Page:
Inexpensive, Efficient Approaches for Energy
Production and Storage
Amy L. Prieto, PhD
Department of Chemistry, Colorado State University
Dr. Prieto’s research group is interested in developing new synthetic methods for nanoscale materials with applications in energy conversion and storage. For this talk, Dr. Prieto will focus first on using photovoltaic devices to produce energy, and in particular the synthesis and characterization of Cu2ZnSnS4 nanoparticles. The structure-property relationships for these particles can be significantly modified as the metal and chalcogen stoichiometries are tuned. Second, she will discuss efforts to develop new architectures for rechargeable Li-ion batteries for storing that energy. Her group is working to incorporate high surface area structures of a novel anode material into a new battery architecture wherein the current collector is conformally coated with an electrolyte made by electrochemical deposition, then surrounded by the cathode electrode. The significant advantage is that the diffusion length for Li+ between the cathode and anode will be dramatically reduced, which should lead to much faster charging rates. The general theme between both topics is the development of new synthetic methods for useful materials with an eye toward non-toxic, earth abundant chemicals and reasonable manufacturing methods.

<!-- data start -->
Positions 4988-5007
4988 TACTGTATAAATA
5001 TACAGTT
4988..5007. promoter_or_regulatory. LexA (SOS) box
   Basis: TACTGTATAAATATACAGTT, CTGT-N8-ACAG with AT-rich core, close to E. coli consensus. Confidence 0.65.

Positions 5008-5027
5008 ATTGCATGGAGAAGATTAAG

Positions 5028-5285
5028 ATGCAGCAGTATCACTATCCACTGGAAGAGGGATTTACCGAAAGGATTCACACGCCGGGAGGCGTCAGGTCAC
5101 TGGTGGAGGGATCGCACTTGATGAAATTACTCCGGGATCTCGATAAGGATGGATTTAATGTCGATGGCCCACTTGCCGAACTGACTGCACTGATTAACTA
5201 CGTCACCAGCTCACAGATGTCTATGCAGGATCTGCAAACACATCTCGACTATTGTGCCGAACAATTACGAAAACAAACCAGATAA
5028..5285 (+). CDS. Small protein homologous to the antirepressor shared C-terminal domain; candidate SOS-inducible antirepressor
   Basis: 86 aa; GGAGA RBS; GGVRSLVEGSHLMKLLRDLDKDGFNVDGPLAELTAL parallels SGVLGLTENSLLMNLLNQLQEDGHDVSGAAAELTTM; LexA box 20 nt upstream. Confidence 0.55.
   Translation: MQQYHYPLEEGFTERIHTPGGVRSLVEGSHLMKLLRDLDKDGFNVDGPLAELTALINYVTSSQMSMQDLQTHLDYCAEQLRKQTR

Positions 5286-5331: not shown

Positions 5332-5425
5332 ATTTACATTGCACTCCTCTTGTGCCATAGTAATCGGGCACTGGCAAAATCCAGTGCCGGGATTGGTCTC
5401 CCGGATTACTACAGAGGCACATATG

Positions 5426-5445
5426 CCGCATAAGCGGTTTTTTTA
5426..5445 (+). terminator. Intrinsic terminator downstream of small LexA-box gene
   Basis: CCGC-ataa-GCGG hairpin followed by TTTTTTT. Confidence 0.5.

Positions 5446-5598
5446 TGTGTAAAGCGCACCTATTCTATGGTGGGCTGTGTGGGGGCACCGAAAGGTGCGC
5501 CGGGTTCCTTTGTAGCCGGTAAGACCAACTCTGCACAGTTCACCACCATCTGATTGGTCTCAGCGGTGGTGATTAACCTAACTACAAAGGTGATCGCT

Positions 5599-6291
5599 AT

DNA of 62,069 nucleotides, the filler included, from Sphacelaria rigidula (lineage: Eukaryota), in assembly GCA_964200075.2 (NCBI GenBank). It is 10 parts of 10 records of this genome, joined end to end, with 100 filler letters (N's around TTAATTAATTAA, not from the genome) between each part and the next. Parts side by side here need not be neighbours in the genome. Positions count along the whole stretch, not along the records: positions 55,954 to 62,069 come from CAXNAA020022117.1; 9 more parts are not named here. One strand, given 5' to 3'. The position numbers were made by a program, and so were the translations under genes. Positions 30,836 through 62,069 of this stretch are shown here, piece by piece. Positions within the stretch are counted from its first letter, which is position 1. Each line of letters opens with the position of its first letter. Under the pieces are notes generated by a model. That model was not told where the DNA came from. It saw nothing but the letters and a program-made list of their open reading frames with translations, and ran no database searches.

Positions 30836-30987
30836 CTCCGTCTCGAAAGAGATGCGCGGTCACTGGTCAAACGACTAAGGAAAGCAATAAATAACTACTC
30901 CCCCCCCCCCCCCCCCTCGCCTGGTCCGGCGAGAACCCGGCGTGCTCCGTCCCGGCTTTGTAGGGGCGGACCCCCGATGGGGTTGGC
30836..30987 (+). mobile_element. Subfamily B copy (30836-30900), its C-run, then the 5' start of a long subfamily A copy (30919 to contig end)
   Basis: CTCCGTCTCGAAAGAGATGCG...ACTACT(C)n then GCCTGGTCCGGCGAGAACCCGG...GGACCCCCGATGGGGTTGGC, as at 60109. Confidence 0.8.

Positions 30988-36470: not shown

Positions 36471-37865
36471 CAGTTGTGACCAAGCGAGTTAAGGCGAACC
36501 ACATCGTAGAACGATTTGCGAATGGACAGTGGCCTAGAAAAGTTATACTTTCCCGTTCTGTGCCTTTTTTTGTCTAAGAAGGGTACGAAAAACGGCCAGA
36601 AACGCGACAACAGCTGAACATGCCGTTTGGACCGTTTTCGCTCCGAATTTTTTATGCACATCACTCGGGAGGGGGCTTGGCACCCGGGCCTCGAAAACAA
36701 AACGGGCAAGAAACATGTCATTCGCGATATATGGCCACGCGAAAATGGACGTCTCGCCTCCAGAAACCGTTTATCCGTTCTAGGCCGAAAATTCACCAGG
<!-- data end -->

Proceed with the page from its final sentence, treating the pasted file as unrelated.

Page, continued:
Dr. Amy Prieto is a Professor in the Department of Chemistry at Colorado State University. In addition to her research in Li-ion batteries (high capacity anode materials, 3D battery architectures), she has active projects developing nanoparticles inks for photovoltaics, light metal nanoparticles for hydrogen storage, and novel nanowire structures. She was a Chemistry and Philosophy double major at Williams College. She then earned a Ph.D. in Inorganic Chemistry from the University of California, Berkeley, where she was a Cooperative Research Fellow supported by Bell Labs, Lucent Technologies. Her postdoctoral work was performed at Harvard University, where she measured the electronic properties of single molecules and nanoparticles. While at Harvard she was named one of the first L’Oréal USA for Women in Science Fellows. Dr. Prieto founded Prieto Battery, Inc. in 2009 with the goal of commercializing a novel three dimensional high power density lithium-ion battery made from aqueous based electroplating baths. In 2011 she was named the ExxonMobil Solid State Chemistry Faculty Fellow (an American Chemical Society award), a Presidential Early Career Awardee for Scientists and Engineers (PECASE, an honor she received from President Barack Obama) and won the Excellence in Storage Technology Commercialization Award from the Colorado Cleantech Industry Association. Her batteries are currently on display at the Smithsonian Institute, Lemelson Center in the “Places of Invention” exhibit.